Iraq has lured big oil firms into new service contracts on some of its giant oilfields by cutting taxes and sweetening terms to make the deals more profitable, industry sources said on Wednesday.
International oil companies are close to striking deals that would almost triple Iraq's output and catapult it up the table of global producers. The firms walked away from those deals at an auction just over three months ago.
Lower taxes were the main factor that convinced firms they could turn a profit where they previously saw too much risk on punishing terms, executives at international oil firms said.
"The contract has been massaged so the oil firms can work at the fees Iraq wants to pay," said one executive, who spoke on condition of anonymity. "The most important change was in taxes."
Oil firms had previously expected to pay 35 percent tax on both cash they received to repay their costs as well as on their remuneration fee per barrel. The sweetened contract requires companies to pay tax only on their per barrel remuneration fee.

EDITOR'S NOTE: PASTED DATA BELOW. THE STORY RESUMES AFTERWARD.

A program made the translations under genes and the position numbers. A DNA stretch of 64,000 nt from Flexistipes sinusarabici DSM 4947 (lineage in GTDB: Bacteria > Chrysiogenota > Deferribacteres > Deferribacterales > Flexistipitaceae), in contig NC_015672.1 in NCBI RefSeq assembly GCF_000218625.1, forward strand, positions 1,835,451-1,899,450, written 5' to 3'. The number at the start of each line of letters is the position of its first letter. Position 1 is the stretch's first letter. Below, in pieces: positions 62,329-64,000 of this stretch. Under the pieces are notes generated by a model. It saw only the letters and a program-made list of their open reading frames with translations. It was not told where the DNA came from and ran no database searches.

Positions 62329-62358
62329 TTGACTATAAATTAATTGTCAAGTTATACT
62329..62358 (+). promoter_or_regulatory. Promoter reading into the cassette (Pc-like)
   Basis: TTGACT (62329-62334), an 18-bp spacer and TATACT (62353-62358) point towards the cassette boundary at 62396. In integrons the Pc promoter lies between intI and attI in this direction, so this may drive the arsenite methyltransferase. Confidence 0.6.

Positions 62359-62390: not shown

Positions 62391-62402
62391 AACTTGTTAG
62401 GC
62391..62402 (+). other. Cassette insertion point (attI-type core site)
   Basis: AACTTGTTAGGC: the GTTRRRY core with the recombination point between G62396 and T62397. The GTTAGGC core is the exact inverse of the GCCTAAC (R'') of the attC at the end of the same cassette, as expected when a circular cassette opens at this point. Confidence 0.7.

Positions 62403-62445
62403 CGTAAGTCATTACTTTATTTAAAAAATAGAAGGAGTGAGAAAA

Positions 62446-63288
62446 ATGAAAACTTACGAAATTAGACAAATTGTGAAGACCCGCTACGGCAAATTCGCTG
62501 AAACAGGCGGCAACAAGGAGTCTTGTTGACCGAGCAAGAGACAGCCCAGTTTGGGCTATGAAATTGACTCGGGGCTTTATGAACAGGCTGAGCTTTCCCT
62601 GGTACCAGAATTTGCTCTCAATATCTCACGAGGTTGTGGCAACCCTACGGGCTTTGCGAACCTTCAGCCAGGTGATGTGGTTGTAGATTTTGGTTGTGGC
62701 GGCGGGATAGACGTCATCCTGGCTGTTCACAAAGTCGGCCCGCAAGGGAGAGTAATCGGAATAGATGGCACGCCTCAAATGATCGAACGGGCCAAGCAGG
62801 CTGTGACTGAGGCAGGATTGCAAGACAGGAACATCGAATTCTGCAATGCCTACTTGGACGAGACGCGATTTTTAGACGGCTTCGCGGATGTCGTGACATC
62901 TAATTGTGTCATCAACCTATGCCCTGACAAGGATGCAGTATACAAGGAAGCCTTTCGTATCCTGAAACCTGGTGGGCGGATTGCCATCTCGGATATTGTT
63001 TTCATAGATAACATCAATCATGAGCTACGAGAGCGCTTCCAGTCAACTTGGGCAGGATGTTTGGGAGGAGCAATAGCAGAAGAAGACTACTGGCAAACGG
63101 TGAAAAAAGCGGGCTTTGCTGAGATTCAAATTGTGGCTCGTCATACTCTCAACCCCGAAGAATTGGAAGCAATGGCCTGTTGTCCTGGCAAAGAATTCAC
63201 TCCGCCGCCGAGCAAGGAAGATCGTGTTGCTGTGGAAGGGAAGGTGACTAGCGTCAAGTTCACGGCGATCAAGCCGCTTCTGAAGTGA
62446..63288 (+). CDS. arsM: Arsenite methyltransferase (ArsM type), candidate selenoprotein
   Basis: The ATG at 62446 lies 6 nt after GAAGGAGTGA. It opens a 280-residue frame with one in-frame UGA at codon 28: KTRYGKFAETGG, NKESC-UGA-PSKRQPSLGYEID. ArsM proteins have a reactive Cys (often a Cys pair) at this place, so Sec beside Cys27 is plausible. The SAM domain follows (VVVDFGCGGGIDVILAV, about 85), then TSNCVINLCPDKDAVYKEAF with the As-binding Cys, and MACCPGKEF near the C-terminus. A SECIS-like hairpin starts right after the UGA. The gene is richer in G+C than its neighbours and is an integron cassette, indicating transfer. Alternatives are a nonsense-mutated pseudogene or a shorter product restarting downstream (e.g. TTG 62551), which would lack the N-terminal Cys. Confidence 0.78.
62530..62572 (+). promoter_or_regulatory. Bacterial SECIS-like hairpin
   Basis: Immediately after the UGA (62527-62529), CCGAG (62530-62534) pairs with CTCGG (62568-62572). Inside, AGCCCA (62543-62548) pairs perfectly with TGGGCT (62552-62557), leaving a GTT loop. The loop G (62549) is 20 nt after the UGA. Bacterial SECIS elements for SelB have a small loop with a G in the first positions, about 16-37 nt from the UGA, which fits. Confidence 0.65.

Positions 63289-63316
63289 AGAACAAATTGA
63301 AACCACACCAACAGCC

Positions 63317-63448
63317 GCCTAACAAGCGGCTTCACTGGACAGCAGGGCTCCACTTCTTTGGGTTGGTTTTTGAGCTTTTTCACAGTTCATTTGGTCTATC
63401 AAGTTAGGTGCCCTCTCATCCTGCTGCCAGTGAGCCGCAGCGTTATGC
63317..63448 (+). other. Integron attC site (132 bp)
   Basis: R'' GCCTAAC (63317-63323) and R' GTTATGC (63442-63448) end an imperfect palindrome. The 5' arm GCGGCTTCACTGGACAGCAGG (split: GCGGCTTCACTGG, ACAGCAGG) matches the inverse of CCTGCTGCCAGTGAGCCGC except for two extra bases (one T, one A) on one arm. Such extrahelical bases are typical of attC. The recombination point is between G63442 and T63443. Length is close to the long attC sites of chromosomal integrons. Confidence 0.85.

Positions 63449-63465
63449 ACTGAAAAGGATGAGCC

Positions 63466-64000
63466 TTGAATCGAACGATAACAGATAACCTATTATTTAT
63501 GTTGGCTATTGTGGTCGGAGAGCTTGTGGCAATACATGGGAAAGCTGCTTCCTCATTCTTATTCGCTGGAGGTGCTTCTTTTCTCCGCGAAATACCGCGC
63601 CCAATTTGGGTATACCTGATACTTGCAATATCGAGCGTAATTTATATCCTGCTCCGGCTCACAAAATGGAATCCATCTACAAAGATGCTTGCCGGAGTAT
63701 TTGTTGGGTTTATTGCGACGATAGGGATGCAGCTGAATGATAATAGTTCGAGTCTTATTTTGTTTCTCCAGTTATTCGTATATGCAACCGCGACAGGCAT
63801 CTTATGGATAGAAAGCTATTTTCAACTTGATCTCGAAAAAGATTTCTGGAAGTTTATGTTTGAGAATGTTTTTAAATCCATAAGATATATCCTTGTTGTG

"Previously it was tax on everything, on all revenue," said another executive. "Now the tax will be limited to profit. It makes a big difference."
The gains in the final deals from the model deals were made in negotiations by the consortium of BP and China's CNPC as they hammered out the small print for the contract they won for the Rumaila oilfield at the auction in June, executives said.
"All contracts are now mirroring that contract," said one executive.